Checked into our hotel around midday and arranged a 2.30 pickup to see the sights.
The Classy Hotel has heavy dark wood carvings all throughout the foyer and is currently on display as part of a Cultural Festival. Our room is spacious and overlooks a big beautiful pool. Anne is straight off for a swim while Lea and I head into town for a look and lunch.
Then off again to the Bamboo Railway. This is the Railway line to Phnom Penh. This part of the line is now unused so the locals use it for transport and tourism. The “train” consists of 2 axles with a wood and bamboo frame sitting on top. A slipping fan belt with a lever for belt tension transmits drive from small “lawnmower” type engines to one of the axles. The whole unit can be rapidly disassembled, lifted clear of the track, or reversed. A friendly tourist policeman takes our $5 USD and we make ourselves comfortable on the bamboo frame complete with rugs and cushions for the ride.
Our driver, complete with his assistant and their lunch, fires up the engine, pulls back on the tension lever and we are off.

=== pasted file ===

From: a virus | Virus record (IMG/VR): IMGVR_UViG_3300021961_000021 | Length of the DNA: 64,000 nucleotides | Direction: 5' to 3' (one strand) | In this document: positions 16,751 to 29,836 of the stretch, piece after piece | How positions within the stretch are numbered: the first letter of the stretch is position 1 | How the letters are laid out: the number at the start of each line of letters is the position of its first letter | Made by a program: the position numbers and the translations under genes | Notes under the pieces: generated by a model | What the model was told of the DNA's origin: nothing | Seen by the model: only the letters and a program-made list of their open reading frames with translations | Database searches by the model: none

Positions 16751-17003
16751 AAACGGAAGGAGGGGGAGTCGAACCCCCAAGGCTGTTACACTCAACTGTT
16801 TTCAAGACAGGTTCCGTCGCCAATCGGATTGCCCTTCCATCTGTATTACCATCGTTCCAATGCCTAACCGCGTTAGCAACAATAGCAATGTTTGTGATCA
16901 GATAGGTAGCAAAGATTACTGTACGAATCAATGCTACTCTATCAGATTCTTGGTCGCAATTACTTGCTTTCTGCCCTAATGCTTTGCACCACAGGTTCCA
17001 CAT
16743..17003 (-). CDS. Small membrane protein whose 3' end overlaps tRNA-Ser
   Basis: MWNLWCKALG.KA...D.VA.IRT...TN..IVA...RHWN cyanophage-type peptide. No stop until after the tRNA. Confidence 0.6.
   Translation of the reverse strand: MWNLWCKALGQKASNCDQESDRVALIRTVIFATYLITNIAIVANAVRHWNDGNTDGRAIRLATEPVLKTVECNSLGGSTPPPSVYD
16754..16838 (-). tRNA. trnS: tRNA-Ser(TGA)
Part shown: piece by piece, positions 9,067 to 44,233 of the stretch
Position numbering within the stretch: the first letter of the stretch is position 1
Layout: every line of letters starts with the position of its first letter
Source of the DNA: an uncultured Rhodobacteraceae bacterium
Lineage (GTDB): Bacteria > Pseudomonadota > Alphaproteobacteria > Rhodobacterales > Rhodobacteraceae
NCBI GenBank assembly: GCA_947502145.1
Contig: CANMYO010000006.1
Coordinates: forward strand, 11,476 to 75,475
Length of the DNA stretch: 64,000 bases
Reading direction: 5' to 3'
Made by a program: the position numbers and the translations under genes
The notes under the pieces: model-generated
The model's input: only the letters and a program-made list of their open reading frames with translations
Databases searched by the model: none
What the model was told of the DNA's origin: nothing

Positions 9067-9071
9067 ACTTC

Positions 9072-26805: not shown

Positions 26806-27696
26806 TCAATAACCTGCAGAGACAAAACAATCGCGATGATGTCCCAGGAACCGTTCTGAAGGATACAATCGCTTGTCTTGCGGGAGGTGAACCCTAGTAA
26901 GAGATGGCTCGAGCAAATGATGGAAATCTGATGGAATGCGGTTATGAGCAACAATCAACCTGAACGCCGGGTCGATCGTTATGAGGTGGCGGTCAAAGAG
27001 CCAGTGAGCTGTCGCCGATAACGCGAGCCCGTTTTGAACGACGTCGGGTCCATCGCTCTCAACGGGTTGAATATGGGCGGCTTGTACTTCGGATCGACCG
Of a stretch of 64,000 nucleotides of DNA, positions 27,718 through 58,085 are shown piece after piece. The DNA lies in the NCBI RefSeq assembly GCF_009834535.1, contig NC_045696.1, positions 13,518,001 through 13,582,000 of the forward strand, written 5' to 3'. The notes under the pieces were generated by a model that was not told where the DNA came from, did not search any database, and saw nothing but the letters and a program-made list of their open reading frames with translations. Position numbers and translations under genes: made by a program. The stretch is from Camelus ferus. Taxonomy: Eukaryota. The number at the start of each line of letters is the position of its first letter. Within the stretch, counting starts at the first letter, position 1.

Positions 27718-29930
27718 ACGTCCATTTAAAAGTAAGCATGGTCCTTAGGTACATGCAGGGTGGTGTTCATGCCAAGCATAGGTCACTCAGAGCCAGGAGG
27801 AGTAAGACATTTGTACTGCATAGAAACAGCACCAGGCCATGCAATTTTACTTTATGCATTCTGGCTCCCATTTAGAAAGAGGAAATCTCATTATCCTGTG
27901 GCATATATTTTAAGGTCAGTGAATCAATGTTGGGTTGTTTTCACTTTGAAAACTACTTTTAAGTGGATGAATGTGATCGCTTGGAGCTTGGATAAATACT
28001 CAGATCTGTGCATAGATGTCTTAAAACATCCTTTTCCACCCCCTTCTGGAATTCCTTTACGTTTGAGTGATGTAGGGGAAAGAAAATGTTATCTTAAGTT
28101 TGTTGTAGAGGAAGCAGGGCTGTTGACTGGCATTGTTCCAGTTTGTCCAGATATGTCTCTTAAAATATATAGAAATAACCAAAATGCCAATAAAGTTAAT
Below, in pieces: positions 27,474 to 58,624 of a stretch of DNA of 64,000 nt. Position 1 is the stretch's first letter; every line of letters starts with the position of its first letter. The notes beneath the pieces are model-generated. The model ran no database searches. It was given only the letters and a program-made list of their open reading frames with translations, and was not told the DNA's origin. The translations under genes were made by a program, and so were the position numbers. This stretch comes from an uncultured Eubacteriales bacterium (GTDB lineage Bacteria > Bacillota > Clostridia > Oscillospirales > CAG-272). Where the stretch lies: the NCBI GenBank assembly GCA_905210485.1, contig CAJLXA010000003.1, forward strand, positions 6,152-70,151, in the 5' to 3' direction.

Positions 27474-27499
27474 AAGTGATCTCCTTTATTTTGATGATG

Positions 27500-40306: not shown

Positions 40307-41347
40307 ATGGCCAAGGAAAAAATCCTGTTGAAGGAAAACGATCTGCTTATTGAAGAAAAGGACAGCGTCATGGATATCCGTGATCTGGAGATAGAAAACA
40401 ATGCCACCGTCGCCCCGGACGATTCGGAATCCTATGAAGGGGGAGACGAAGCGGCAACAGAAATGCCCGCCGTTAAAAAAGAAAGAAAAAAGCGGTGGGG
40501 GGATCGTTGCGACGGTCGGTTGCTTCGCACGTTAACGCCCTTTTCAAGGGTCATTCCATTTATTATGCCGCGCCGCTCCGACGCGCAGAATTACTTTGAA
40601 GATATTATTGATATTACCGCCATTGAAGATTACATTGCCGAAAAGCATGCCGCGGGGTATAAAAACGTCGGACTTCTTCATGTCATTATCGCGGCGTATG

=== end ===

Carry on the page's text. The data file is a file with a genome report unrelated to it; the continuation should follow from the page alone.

The trip is interrupted twice as a new freeway being built has cut the track. We hop off our train, walk over to the other side and resume our trip on another train on the other side. Stall provide cold drinks and T shirts if required.
The other interruption is returning trains. Ours is stopped, dissassembeled, removed from the track to allow the other train to pass. We are then reassembled and on our way again in no time.
The line ends at the local village where the pressure is on to sell us souvenirs. We enjoy a cold coconut and Lea bought 2 locally made scarves. Dave was hounded by a determined and charming little girl into buying a few woven wrist bracelets. She had to work very hard for that sale.
Lots of fun and interesting scenery as we drove through the rice fields at around 20 km/hr. A few Brahman cattle were seen and lots of termite mounds. The driver indicated that the locals eat the termites.
Then it was off to the Bat Cave, Hill Temple and Killing Cave.
At the bottom of the mountain we learnt 4wd was needed for the accent.
So off we went in the tray of a Hilux for $15 USD each to the top. Our driver didn’t come so we were on our own. However, an enterprising and pushy young man got a dollar off Anne to give us the story.
The cave with its reclining Buddha was where local people fled during the days of Pol pot. Once discovered the Khmer Rouge used a smaller nearby cave to torture and execute people. There are terrible stories of people being thrown down cave holes, heads cut off etc.